The Battle for Crazytown

America’s newest live-streaming reality show features the foreign-policy establishment fighting for its life against Donald Trump.

Donald Trump holds up a replica flintlock rifle awarded him by cadets during the Republican Society Patriot Dinner at the Citadel Military College on February 22, 2015 in Charleston, South Carolina. (Richard Ellis/Getty Images)
Donald Trump holds up a replica flintlock rifle awarded him by cadets during the Republican Society Patriot Dinner at the Citadel Military College on February 22, 2015 in Charleston, South Carolina. (Richard Ellis/Getty Images)

One of the more striking features of the 2016 U.S. presidential campaign was the bipartisan opposition to Donald Trump from inside the foreign-policy establishment. Democrats opposed him for obvious partisan reasons, but hostility to Trump was even more vehement on the Republican side. Dozens of experienced GOP foreign-policy mavens signed open letters denouncing his candidacy, with one of the letters declaring him “utterly unfitted to the office.”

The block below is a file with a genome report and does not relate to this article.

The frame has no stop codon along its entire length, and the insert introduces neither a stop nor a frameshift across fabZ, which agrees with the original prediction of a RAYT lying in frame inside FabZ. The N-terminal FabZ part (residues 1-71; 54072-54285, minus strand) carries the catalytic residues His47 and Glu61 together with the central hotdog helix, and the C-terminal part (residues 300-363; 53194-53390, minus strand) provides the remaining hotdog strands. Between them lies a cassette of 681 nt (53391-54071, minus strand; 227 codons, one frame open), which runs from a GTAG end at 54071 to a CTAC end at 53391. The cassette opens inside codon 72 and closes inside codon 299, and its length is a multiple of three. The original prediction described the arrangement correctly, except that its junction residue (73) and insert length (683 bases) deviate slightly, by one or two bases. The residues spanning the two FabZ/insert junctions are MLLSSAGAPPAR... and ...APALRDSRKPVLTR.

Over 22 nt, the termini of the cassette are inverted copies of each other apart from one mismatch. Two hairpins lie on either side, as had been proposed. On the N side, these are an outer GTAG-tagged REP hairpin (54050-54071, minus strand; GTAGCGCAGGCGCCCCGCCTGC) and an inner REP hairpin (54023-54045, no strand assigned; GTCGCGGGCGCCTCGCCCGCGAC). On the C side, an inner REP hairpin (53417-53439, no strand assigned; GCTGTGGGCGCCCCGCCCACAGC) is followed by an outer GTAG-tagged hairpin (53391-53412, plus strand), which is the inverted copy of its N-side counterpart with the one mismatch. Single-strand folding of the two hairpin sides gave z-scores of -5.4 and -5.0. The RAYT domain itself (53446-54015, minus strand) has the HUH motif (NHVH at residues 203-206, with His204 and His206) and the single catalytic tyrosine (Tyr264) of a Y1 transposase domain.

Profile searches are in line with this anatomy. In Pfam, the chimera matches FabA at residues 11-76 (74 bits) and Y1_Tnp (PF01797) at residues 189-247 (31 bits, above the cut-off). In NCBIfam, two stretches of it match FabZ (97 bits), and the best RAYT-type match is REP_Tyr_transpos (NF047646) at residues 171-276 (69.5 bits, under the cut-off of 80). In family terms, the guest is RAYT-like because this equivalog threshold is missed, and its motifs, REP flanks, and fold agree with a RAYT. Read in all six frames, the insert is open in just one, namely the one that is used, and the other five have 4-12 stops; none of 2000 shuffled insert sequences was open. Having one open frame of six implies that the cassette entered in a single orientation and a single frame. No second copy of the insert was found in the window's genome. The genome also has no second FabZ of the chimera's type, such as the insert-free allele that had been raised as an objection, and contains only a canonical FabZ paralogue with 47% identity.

This struggle between Trump and the foreign-policy establishment (aka the Blob) has continued since he won the election and took office in January 2017. The Never Trumpers in the GOP were blacklisted from his administration, and they’ve continued to bombard him with criticism ever since. Some of Trump’s initial appointments (e.g., Steve Bannon, Michael Flynn, and the self-styled terrorism expert Sebastian Gorka) were from outside the mainstream, forcing Defense Secretary James Mattis, Secretary of State Rex Tillerson, National Security Advisor H.R. McMaster, and economic advisor Gary Cohn to work overtime to contain Trump’s worst instincts. Trump eventually got frustrated and canned some of them, but the arrival of people such as John Bolton, Mike Pompeo, and others hasn’t stopped the internal war. The Blob has reined Trump in to a considerable extent but by no means entirely.